Porsche's sports cars may be the ideal embodiment of the brand's spirit, but the Cayenne is the company's profit centre, a vehicle that has placed Porsche at the core of the luxury SUV segment. And that's where they'd like to stay with a redesigned 2019 model that marks the third generation of a vehicle that has become as much a household name as the 911.
Cosmetically, the changes are evolutionary, with the Cayenne now bearing a strong resemblance to its compact Macan sibling.
With the launch of every new design, Porsche strips the lineup back to basics to prepare for the inevitable parade of variants that will follow, so to start, the new Cayenne comes in three flavours (more specialized versions like the Cayenne Hybrid carry on in last year's body style).
A base model uses a 3.0L turbo V6 that makes 340 hp and 331 lb-ft of torque (40 hp and 36 lb-ft more than in 2018), and the Cayenne S gets a 2.9L version of that motor making 440 hp (20 more than last year's equivalent) and 406 lb-ft. Atop the range (for now) is the Cayenne Turbo with a 4.0L turbo V8 good for 550 hp and 568 lb-ft of torque, which Porsche says is a bonus of 30 hp and 20 lb-ft compared to the outgoing Cayenne Turbo.
Notably, the new Cayenne S is a close match, performance-wise, for last year's GTS model, while the new Turbo comes close to what you got in the 2018 Turbo S, leaving the door open for some serious potential as Porsche adds to this new model's high-performance portfolio.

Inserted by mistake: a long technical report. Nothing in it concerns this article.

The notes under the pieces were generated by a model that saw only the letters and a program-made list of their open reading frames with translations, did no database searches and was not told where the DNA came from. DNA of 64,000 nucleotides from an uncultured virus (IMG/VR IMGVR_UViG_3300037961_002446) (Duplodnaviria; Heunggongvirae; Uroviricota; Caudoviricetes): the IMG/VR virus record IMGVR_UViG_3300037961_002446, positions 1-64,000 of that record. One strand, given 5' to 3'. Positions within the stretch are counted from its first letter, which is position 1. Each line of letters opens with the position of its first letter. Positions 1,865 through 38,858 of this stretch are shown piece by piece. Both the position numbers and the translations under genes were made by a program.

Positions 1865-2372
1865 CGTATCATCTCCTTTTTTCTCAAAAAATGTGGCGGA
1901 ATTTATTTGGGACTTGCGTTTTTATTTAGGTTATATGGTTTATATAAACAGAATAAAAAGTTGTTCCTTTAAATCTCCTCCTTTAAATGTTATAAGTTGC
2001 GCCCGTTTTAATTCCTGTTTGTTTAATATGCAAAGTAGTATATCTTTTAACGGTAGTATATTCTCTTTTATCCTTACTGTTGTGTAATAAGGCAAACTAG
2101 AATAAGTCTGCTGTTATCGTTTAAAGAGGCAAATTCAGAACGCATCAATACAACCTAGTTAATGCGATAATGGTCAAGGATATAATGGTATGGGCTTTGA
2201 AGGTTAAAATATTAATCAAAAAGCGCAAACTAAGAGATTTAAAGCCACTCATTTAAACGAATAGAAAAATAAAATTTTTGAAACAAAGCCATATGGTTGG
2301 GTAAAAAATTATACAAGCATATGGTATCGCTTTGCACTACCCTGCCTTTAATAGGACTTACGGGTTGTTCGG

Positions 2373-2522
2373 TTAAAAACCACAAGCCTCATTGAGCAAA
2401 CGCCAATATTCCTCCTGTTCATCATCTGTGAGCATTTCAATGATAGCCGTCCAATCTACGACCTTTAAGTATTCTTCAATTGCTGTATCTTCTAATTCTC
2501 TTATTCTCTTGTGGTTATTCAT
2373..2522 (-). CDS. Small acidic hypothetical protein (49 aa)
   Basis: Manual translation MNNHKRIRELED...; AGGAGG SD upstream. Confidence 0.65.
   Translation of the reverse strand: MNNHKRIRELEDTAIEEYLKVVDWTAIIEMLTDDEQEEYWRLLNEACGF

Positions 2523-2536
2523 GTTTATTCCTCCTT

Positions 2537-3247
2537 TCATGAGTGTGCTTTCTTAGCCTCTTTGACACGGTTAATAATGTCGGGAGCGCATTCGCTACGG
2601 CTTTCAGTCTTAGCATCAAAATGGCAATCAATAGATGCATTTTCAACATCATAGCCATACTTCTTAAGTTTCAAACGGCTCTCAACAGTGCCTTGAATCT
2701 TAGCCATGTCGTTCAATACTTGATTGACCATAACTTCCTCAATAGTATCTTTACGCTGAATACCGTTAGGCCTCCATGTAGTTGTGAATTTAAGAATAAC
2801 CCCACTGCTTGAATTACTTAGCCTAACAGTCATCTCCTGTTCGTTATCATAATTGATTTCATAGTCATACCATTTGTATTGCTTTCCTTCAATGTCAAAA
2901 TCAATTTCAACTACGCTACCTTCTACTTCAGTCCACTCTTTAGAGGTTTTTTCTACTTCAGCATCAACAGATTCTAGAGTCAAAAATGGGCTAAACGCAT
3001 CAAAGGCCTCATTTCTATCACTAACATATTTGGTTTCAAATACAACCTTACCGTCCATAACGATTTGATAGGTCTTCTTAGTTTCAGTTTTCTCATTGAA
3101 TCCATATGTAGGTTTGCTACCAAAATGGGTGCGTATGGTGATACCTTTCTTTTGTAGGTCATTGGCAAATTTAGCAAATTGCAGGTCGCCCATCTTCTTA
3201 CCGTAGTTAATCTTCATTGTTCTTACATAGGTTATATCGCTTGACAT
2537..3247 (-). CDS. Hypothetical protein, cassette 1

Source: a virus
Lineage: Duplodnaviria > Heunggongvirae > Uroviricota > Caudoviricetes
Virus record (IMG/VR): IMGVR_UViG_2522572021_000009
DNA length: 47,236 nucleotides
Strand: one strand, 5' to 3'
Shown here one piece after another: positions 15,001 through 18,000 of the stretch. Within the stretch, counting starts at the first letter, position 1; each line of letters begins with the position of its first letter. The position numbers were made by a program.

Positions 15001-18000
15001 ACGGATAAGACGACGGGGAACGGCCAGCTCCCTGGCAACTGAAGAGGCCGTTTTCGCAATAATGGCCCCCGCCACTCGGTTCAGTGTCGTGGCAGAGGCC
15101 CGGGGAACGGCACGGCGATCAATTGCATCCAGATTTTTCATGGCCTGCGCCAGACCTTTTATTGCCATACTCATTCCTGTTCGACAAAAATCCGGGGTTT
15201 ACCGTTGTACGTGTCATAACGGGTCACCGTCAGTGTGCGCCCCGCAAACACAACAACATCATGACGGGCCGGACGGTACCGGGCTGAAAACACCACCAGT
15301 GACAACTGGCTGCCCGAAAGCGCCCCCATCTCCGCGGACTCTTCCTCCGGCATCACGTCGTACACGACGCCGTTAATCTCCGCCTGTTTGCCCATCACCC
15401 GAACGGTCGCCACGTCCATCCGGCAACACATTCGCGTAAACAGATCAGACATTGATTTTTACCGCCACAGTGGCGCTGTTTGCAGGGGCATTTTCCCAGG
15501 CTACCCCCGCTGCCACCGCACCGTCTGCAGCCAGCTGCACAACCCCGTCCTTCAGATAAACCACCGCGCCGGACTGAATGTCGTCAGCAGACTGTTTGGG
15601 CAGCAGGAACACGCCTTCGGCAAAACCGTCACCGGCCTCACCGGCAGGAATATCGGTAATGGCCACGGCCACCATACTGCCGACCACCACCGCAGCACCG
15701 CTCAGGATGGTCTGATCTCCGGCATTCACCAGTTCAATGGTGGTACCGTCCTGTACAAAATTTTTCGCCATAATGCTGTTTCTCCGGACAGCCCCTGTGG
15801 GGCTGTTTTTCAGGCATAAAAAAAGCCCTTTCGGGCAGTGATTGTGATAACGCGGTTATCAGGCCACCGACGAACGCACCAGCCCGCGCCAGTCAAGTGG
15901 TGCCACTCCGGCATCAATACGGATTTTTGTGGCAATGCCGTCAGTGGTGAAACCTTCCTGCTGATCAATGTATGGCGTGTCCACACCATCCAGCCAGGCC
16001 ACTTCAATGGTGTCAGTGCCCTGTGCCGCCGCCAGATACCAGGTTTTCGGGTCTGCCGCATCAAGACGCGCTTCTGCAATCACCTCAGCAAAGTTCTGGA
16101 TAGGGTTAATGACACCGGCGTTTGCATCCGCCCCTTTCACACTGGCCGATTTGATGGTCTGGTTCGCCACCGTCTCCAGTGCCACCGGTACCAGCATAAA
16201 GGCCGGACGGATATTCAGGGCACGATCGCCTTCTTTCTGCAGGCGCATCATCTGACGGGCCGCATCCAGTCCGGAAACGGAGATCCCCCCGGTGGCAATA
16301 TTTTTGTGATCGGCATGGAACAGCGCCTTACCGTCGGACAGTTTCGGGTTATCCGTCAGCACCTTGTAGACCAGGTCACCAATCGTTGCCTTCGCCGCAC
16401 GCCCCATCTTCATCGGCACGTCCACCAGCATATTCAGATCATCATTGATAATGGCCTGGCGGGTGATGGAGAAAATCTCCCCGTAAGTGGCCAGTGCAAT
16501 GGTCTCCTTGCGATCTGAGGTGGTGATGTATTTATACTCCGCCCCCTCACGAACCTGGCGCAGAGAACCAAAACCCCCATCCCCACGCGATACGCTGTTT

An eight-speed transmission and AWD are standard across the range.
All Cayennes now come with staggered tires that are wider at the rear, a move intended to improve the car's high-speed stability and handling. As before, air suspension is an option, while rear-wheel steering is a new option, another nod to better highway stability that also allows for improved low-speed maneuverability.
Other changes include a 48-volt electrical system that allowed engineers to redo the Porsche Dynamic Chassis Control (PDCC) adaptive suspension with quicker-acting electrical components to replace the old car's hydraulic system.
Meanwhile, aluminum bodywork and a high-tech battery mean the Cayenne is 55 kg lighter than before.
The Cayenne is hardly along in the luxury SUV segment; it competes for buyers with its formidable German foes including the BMW X5 and Mercedes-Benz GLE-Class, Sweden's Volvo XC90 and Japanese giants like the Acura MDX and Lexus RX. Those are all well-done vehicles, but expect the new Cayenne to once again set the performance benchmark in this highly contested category.
If you want a Cayenne S E-Hybrid, GTS or Turbo S, you'll have to settle for a car carried over from last year. The hybrid combines gasoline and electric power for 416 hp and 435 lb-ft. GTS models boast 440 hp and 443 lb-ft, and the Turbo S puts out 570 hp and 590 lb-ft.